But the Comforter, which is the Holy Ghost, whom the Father will send in my name, he shall teach you all things, and bring all things to your remembrance, whatsoever I have said unto you…Howbeit when he, the Spirit of truth, is come, he will guide you into all truth: for he shall not speak of himself; but whatsoever he shall hear, that shall he speak: and he will shew you things to come. (John 14:26; 16:13).
The Holy Spirit as Jesus promised the apostles, recorded in Acts 2:1-4 and on that Pentecost Day the Gospel preached was salvation by Peter. Three thousand people obeyed the Gospel by hearing the message of salvation. They believed the message, repented of their sins, and were baptized for the remission for sins (Acts 2:37-38).
Secure, is life from mortal mind, God holds the germ with in His hand,
Tho’ men may search, they cannot find, for God alone does understand.
This stanza teaches that all life comes from God and He holds the secret of all of it. It is beyond the knowledge of mortal men. Despite men having searched for it through the ages, life always eludes men. They cannot find it. God holds the “germ within His hand.” He is the First Cause of all life, Man procreates himself according to God’s law of bio-genesis (Gen. 1:12), but man will never unravel the mystery of life.
Our God, whose Son upon a tree, a life was willing there to give,
That He from sin might set men free, and evermore with Him could live.
The stanzas of this great song takes us from the creation, the sorrow of Gethsemane and Calvary, and to the church’s final victory. Paul encapsulated the same scheme of salvation in these words:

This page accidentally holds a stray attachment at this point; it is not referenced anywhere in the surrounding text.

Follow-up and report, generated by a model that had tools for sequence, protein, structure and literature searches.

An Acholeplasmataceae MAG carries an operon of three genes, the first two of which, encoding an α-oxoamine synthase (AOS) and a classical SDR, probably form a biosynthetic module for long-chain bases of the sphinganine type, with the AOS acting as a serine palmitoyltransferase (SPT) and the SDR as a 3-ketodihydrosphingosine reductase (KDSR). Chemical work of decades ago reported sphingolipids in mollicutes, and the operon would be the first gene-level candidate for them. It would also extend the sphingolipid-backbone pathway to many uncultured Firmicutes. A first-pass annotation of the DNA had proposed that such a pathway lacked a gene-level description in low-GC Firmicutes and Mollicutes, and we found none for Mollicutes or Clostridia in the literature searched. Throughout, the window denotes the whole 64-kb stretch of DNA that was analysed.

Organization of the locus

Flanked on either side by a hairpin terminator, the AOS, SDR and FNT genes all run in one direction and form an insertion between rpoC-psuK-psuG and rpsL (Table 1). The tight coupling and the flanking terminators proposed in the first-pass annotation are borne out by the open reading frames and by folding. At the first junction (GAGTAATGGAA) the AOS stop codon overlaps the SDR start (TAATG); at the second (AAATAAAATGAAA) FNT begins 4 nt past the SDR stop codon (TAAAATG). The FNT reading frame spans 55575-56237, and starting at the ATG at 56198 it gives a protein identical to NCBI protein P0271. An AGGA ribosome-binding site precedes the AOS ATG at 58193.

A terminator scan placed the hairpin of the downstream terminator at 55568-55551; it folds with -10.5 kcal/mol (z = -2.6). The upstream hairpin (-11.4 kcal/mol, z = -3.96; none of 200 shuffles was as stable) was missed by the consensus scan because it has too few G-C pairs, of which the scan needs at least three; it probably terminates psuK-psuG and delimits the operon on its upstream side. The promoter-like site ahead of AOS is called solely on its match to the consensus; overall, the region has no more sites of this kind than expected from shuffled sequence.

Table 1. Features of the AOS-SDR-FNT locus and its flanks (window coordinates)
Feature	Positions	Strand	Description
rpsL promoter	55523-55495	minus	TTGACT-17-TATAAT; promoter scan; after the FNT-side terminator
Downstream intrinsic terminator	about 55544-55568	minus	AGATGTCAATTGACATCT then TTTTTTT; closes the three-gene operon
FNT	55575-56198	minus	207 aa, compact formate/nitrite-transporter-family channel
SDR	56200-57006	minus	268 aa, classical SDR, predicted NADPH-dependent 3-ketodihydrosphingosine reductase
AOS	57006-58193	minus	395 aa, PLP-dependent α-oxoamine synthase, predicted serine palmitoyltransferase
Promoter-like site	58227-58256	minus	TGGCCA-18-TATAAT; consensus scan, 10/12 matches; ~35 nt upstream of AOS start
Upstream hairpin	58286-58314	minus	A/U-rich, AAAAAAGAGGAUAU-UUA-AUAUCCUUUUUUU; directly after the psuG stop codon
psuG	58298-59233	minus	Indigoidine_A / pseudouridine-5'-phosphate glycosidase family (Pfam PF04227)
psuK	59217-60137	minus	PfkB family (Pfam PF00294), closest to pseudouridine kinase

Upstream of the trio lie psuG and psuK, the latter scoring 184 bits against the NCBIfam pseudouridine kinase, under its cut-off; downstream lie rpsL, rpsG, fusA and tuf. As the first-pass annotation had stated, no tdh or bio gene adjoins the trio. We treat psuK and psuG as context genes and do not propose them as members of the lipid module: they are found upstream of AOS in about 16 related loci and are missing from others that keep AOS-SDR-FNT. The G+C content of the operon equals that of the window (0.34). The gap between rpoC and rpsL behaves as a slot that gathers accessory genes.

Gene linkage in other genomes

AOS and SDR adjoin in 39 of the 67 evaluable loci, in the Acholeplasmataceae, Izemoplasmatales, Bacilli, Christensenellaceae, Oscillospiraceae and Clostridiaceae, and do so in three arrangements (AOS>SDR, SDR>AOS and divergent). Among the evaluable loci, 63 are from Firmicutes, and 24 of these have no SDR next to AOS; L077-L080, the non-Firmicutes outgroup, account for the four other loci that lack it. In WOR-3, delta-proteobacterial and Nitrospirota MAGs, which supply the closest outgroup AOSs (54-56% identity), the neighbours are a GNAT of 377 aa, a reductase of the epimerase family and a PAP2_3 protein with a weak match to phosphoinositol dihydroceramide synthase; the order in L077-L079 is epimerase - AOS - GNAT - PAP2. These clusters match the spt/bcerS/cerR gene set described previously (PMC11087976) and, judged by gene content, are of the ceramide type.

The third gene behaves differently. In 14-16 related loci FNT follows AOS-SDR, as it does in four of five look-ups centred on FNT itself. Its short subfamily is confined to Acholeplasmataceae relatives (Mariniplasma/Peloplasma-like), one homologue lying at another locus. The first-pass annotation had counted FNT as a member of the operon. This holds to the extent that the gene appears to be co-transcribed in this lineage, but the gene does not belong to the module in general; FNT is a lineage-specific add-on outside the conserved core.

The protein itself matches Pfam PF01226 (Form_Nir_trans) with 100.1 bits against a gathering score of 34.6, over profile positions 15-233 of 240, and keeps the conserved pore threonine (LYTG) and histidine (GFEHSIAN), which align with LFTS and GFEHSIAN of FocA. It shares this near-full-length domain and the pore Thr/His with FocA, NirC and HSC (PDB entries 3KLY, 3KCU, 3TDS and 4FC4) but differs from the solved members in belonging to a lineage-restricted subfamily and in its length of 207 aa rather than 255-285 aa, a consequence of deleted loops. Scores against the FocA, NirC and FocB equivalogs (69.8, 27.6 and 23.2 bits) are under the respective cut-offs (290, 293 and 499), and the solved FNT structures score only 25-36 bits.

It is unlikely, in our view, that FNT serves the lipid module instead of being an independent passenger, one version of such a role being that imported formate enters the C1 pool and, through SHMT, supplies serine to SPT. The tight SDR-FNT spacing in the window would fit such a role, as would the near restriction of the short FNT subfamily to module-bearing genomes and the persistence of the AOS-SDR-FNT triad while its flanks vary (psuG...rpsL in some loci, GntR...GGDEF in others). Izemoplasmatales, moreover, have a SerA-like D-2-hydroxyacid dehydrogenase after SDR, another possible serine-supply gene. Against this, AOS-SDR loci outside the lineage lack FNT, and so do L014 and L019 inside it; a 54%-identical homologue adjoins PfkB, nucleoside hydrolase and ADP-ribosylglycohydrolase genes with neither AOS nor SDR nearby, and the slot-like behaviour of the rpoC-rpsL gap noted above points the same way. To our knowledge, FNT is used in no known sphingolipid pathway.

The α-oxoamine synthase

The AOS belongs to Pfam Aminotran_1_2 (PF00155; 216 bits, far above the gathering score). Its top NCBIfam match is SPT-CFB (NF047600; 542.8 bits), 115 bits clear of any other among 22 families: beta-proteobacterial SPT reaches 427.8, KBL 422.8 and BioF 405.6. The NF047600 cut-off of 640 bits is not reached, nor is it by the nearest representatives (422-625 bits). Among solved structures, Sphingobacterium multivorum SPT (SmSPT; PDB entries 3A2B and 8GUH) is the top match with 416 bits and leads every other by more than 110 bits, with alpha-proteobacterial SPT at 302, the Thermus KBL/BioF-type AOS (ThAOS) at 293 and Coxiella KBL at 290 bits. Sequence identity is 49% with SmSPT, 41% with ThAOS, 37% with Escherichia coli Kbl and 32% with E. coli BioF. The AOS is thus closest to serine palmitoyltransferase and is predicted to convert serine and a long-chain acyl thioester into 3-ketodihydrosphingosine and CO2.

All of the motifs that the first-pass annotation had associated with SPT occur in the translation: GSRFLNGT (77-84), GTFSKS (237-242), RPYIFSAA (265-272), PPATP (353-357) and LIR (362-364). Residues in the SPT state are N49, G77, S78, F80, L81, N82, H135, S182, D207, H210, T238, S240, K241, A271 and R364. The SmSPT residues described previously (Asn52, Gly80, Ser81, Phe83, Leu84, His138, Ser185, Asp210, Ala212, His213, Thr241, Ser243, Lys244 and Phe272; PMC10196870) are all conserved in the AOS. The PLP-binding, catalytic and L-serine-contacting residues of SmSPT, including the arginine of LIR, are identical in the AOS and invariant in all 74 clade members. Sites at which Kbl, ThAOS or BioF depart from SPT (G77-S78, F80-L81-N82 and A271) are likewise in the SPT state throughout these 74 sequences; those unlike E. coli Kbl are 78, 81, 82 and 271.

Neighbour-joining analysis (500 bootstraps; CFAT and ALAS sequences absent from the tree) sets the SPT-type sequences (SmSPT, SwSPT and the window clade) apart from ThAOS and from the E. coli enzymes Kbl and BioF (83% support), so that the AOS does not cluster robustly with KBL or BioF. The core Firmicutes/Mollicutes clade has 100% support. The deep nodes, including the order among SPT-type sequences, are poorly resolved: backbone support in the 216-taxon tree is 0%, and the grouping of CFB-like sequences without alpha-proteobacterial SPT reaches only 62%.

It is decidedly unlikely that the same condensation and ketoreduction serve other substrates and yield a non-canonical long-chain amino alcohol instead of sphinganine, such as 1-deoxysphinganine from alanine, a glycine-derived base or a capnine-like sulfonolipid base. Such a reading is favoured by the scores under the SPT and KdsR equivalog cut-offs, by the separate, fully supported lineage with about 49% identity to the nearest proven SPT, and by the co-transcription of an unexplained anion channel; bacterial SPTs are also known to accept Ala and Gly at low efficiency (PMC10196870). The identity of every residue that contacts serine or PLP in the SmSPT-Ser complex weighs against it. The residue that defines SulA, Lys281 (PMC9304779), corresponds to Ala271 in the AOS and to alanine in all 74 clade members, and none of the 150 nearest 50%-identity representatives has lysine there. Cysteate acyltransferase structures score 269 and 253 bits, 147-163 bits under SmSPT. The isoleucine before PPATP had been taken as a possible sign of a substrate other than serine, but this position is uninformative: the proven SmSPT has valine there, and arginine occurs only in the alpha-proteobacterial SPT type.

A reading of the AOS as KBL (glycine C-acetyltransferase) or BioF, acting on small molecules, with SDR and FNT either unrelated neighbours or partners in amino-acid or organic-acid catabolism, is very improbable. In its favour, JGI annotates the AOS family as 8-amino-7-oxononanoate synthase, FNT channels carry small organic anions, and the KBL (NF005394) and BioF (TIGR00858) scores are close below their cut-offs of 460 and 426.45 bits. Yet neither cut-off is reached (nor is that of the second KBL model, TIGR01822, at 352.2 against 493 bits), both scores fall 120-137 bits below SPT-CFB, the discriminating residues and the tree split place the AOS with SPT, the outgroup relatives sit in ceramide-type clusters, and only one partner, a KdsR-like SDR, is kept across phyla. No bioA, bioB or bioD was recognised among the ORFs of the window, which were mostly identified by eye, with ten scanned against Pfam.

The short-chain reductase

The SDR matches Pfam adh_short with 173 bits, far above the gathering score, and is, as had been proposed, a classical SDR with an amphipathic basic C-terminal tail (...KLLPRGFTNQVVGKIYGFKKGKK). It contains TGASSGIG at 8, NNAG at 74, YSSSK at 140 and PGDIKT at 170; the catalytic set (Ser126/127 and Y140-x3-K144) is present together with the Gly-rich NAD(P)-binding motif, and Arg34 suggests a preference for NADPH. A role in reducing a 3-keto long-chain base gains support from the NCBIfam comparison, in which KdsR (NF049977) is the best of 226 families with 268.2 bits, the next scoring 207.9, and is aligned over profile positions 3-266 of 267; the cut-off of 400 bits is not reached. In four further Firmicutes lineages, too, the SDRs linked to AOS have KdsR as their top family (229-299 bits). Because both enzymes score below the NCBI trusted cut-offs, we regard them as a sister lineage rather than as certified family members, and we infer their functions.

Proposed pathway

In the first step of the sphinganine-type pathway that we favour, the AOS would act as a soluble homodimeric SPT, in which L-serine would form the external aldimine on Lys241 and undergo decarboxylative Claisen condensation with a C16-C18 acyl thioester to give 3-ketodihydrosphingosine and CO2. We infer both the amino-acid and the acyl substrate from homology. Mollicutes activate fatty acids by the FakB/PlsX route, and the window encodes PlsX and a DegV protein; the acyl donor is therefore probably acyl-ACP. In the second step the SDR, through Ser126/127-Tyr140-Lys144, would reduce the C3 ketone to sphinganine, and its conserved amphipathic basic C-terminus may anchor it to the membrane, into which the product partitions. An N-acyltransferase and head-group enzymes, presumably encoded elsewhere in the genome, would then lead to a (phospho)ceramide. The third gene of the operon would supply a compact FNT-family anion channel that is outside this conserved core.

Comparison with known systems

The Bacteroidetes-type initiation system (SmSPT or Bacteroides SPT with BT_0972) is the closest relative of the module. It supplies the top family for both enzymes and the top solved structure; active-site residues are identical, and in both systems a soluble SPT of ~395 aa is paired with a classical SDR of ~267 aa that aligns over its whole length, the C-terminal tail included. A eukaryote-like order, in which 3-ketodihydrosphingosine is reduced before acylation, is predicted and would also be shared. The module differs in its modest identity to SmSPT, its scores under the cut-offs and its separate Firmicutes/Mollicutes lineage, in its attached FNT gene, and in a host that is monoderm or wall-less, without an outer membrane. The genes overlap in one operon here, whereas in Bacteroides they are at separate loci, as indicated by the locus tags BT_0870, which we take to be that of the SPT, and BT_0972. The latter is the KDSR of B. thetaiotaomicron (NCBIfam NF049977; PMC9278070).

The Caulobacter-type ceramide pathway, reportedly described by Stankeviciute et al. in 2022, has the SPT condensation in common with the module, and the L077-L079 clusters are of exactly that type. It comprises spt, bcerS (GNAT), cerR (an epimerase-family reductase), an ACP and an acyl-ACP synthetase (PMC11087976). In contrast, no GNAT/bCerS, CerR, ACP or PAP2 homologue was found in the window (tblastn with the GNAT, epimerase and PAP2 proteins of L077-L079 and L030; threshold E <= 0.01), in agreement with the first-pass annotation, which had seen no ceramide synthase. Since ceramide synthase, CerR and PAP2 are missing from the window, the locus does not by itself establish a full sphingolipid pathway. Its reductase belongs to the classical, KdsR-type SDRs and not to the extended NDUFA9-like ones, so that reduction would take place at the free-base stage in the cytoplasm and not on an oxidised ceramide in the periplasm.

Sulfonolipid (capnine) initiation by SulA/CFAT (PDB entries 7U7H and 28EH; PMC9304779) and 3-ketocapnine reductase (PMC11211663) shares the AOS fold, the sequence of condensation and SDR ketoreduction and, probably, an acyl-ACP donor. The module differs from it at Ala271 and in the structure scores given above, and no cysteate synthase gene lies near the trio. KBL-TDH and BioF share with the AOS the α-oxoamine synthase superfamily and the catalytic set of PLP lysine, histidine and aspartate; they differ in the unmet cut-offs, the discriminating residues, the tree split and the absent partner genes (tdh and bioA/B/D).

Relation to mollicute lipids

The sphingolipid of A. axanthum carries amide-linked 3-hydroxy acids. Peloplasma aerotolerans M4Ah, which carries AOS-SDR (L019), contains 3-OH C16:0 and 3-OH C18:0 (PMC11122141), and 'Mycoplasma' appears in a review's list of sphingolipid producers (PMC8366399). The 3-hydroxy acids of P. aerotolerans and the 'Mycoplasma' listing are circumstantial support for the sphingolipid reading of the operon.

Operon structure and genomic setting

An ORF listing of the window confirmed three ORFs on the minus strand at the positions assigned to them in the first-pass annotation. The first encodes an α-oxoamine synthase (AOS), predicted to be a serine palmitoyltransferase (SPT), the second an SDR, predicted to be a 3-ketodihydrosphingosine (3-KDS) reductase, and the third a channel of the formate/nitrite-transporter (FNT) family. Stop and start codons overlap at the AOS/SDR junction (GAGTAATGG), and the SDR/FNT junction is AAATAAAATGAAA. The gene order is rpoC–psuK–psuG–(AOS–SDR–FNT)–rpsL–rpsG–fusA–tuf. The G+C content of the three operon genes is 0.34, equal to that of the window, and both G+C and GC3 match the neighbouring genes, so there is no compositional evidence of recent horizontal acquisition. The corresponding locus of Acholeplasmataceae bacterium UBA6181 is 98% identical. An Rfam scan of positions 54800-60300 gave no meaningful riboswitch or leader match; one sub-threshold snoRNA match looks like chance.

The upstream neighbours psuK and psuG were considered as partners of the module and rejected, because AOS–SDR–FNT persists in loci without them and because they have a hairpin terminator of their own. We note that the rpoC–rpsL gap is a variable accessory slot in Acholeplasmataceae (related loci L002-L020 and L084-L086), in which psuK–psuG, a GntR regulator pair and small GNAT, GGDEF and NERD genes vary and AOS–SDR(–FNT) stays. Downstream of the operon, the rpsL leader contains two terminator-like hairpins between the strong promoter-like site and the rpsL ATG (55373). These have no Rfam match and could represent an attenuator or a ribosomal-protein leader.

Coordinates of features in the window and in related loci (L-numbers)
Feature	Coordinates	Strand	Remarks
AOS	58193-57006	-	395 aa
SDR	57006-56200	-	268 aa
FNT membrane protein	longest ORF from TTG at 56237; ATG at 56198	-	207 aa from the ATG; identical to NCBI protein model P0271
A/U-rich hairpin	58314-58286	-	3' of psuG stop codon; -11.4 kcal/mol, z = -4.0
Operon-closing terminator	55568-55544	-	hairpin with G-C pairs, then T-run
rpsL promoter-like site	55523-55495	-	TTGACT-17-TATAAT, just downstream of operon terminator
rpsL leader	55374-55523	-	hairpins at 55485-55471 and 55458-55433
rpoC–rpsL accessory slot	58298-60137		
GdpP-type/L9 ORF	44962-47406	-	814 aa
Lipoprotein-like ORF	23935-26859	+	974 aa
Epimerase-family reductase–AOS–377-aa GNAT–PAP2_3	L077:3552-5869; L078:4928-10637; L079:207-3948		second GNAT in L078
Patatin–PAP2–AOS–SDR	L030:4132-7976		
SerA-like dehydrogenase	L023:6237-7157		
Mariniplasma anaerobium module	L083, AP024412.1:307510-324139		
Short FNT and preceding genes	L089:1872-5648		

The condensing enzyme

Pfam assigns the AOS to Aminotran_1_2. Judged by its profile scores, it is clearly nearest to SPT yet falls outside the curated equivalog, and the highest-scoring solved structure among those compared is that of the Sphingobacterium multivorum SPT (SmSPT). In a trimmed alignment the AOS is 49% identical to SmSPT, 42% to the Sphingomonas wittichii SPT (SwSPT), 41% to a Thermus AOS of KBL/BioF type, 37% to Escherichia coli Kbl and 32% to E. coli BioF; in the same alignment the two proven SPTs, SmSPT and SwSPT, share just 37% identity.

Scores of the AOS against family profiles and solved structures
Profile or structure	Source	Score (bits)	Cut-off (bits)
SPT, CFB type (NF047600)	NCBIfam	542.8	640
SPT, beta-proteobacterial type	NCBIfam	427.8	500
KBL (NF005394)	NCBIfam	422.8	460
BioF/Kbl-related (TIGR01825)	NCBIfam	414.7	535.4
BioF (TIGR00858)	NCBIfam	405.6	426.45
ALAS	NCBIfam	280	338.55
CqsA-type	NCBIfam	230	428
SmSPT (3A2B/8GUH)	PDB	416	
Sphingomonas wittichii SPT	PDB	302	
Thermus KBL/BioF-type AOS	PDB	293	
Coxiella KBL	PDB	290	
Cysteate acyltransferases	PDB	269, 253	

And we know that all things work together for good to them that love God, to them who are the called according to his purpose. For whom he did foreknow, he also did predestinate to be conformed to the image of his Son, that he might be the firstborn among many brethren. Moreover whom he did predestinate, them he also called: and whom he called, them he also justified: and whom he justified, them he also glorified (Rom. 8:28-30).
Only the living God, He is Alive. The chorus porclaims that:
There is a God, He is alive, in Him we live and we survive;
Form dust our God created man, He is our God the great I AM!
He is our Creator from dust but, “Then shall the dust return to the earth as it was: and the spirit shall return unto God who gave it” (Eccl. 12:7). Beware, those who sing the words of this song, your souls will stand in judgment before God.
Let us hear the conclusion of the whole matter: Fear God, and keep his commandments: for this is the whole duty of man. For God shall bring every work into judgment, with every secret thing, whether it be good, or whether it be evil (Eccl. 12:13-14).
This song and the mystery of man’s purpose, echoes those words from Solomon, “Fear God, and keep his commandments: for this the whole of man.”